Tomorrow the Minneapolis Star Tribune will endorse Norm Coleman in his Senate race against Al Franken–as will, less surprisingly, the St. Paul Pioneer Press.
Normally the Star Tribune finds one or two Republicans to endorse in each election cycle. Their usual practice is to choose Republicans who either can’t lose, or can’t win. For that paper to endorse a Republican in a major, hotly contested race is unprecedented in my memory. I’m speechless.
SCOTT adds: Here is the Strib’s endorsement of Senator Coleman:
Count this newspaper among the Minnesota voices that long for a lessening of partisan polarization and a return to constructive problem-solving in Washington. If demonization of the partisan opposition continues to be the political coin of this realm, effectiveness of American democracy will be diminished.
Independent judgment, exercised on behalf of the best interests of the country and state, is what we hope to see from our U.S. senators. With that hope in mind, this newspaper recommends the reelection of Republican U.S. Sen. Norm Coleman.
The more independent, pragmatic Coleman emerged when he helped speed money to Minneapolis for a new Interstate 35W bridge; when he promoted tax credits for renewable energy investment; when he pushed for larger Pell Grants for needy college students; when he stood up to President Bush on extending publicly subsidized health insurance, including MinnesotaCare, to more poor children and their parents.
He showed good judgment most recently when, despite a tide of constituent opposition, he voted to authorize spending $700 billion to inject capital into banks and thaw a credit freeze. He rightly judged that quick action was needed to avert serious damage to the nation’s economy.
Coleman didn’t begin his Senate service as an agent of bipartisanship. But that’s the note on which he wound up his six-year term and which he has sounded repeatedly in his reelection campaign. We like the trend we’ve seen and believe Coleman is capable of taking it further.
As a second-termer in what is likely to be a smaller Republican Senate minority, Coleman may be in line for a more visible and important role than he has yet played. He could be one of a handful of moderate Republican gatekeepers, through whom majority-backed bills must pass in order to achieve the 60 votes required to end Senate debate. He would be positioned to provide a check on Democratic excesses and pull policy to the center. He could even find himself allied with a Democratic president in reining in the spending ambitions of congressional Democrats.
By the same token, a more senior Sen. Coleman would have standing to tug his own party in a less rigid direction. It is with that end in mind that he says he is interested in seeking a campaign leadership post in his party’s Senate caucus. Coleman appears to have discovered — belatedly, but better late than never — the counterproductivity of harshly negative campaigning.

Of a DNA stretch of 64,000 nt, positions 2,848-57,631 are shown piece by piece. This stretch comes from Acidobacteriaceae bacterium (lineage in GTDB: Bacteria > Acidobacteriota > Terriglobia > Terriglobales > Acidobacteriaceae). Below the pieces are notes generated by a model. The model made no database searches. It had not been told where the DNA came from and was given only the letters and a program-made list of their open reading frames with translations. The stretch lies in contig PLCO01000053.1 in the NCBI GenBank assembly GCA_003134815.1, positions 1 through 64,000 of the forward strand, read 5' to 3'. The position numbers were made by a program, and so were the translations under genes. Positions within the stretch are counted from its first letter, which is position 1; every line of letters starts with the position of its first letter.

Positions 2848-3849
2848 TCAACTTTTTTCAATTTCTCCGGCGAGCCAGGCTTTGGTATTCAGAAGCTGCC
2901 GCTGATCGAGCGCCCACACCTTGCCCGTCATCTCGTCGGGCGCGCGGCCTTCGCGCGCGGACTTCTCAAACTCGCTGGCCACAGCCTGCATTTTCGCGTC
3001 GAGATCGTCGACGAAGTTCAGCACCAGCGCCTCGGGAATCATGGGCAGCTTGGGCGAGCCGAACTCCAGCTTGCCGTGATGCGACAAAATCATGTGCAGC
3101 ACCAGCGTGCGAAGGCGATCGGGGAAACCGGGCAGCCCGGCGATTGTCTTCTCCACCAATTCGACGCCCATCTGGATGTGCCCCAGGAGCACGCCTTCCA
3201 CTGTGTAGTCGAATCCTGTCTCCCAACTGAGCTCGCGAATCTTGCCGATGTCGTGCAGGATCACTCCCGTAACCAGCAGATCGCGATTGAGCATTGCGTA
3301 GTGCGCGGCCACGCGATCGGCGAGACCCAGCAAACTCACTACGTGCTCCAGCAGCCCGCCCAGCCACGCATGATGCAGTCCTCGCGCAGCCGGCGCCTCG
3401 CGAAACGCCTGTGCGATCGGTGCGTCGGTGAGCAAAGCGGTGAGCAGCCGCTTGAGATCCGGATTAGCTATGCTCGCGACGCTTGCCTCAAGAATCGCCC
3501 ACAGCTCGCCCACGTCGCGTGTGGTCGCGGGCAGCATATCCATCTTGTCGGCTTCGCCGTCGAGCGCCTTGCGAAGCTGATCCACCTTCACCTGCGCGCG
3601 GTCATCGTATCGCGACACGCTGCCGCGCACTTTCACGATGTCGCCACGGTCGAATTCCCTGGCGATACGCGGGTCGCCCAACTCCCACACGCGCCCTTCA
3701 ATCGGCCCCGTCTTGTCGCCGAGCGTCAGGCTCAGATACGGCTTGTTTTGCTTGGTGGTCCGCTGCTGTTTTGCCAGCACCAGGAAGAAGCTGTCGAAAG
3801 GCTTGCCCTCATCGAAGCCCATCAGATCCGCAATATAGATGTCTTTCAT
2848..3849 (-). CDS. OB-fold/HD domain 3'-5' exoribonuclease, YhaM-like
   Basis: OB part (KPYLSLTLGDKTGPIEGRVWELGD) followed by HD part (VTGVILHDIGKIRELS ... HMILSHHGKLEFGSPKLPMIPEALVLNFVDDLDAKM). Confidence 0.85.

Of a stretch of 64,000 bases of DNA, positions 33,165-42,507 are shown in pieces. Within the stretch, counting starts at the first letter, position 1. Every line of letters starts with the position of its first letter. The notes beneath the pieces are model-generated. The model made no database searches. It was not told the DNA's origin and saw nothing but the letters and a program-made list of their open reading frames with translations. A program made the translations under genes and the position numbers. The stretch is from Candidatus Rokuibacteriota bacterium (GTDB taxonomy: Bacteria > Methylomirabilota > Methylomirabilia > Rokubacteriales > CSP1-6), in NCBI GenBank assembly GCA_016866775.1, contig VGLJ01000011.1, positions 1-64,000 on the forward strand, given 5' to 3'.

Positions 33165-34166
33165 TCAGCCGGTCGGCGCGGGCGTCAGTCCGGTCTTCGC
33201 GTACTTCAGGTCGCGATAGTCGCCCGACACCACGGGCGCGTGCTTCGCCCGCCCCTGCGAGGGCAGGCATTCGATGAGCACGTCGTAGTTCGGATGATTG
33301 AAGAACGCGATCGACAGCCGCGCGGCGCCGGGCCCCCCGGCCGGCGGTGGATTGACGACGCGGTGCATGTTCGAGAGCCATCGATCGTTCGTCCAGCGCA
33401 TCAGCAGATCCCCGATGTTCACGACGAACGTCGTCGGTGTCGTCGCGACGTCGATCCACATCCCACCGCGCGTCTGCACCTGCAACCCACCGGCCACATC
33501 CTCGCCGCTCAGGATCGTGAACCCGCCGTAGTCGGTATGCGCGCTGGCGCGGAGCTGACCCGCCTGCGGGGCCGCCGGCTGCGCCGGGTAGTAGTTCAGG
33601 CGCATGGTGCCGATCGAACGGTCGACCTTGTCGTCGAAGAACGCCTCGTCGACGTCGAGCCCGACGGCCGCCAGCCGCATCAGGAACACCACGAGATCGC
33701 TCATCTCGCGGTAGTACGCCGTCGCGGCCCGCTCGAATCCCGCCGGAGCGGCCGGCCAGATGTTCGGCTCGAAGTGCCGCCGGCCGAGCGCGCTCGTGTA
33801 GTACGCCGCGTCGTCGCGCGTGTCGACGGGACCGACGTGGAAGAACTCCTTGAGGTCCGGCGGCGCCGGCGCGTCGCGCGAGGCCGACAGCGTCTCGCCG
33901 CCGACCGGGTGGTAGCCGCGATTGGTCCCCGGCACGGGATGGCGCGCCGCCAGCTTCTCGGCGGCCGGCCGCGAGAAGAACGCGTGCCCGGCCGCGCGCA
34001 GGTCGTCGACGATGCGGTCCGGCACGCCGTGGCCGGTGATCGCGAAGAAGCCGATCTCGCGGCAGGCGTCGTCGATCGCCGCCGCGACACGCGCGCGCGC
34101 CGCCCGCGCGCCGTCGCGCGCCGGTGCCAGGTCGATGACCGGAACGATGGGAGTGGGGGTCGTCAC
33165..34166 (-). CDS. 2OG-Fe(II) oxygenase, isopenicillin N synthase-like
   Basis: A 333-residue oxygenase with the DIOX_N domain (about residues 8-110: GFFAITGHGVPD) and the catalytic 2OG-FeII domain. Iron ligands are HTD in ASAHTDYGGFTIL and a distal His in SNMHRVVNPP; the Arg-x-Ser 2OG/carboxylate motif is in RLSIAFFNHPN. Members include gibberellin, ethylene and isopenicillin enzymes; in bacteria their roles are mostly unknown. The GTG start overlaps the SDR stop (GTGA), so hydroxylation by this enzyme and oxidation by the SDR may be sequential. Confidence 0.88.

As a former Democrat, two-term St. Paul mayor and three-time candidate for statewide office in this progressive state, Coleman has learned — sometimes the hard way — what Minnesotans want and expect of their political leaders. The leadership qualities that he has developed ought to matter more in this year’s election than at other times, when issues might count for more. The world is changing rapidly. Today’s issues may not be tomorrow’s.
We bank our hope for a less polarized America with Coleman, despite accord with DFL challenger Al Franken on some important issues. However, we consider his recommendation for a “no” vote on the economic bailout package the wrong call at the wrong time.
Franken is a gifted communicator. His best-selling books skewering the Bush administration and the Republican right helped revitalize the Democratic Party when it was on the ropes. He’s an effective critic. It isn’t as easy to envision him as a constructive force for bipartisan legislation.
Dean Barkley, the Independence Party candidate, places commendable emphasis on reducing the national debt. After Sen. Paul Wellstone’s death, Barkley briefly held the seat Coleman holds now, and served well in that exceptional time. But the better indicator of how he would function over a six-year term isn’t those 60 days but the four years of Jesse Ventura’s governorship. Barkley was Ventura’s closest political adviser, and a cabinet member. It’s hard to point to a lasting imprint Barkley made in those years.
In a year when the word “maverick” has become a comedic cue, it’s probably just as well that Coleman has not claimed it as his label. But the word fits the independence Coleman has lately displayed in the Senate. He has begun to be “the Minnesota maverick.” With our endorsement comes a plea for more of the same.
Norm Coleman holds high office with a grace and seriousness befitting the office. Al Franken is outside the mainstream of Minnesota politics and is temperamentally unfit to hold higher office. Even the editorial board of the Star Tribune recognizes it.
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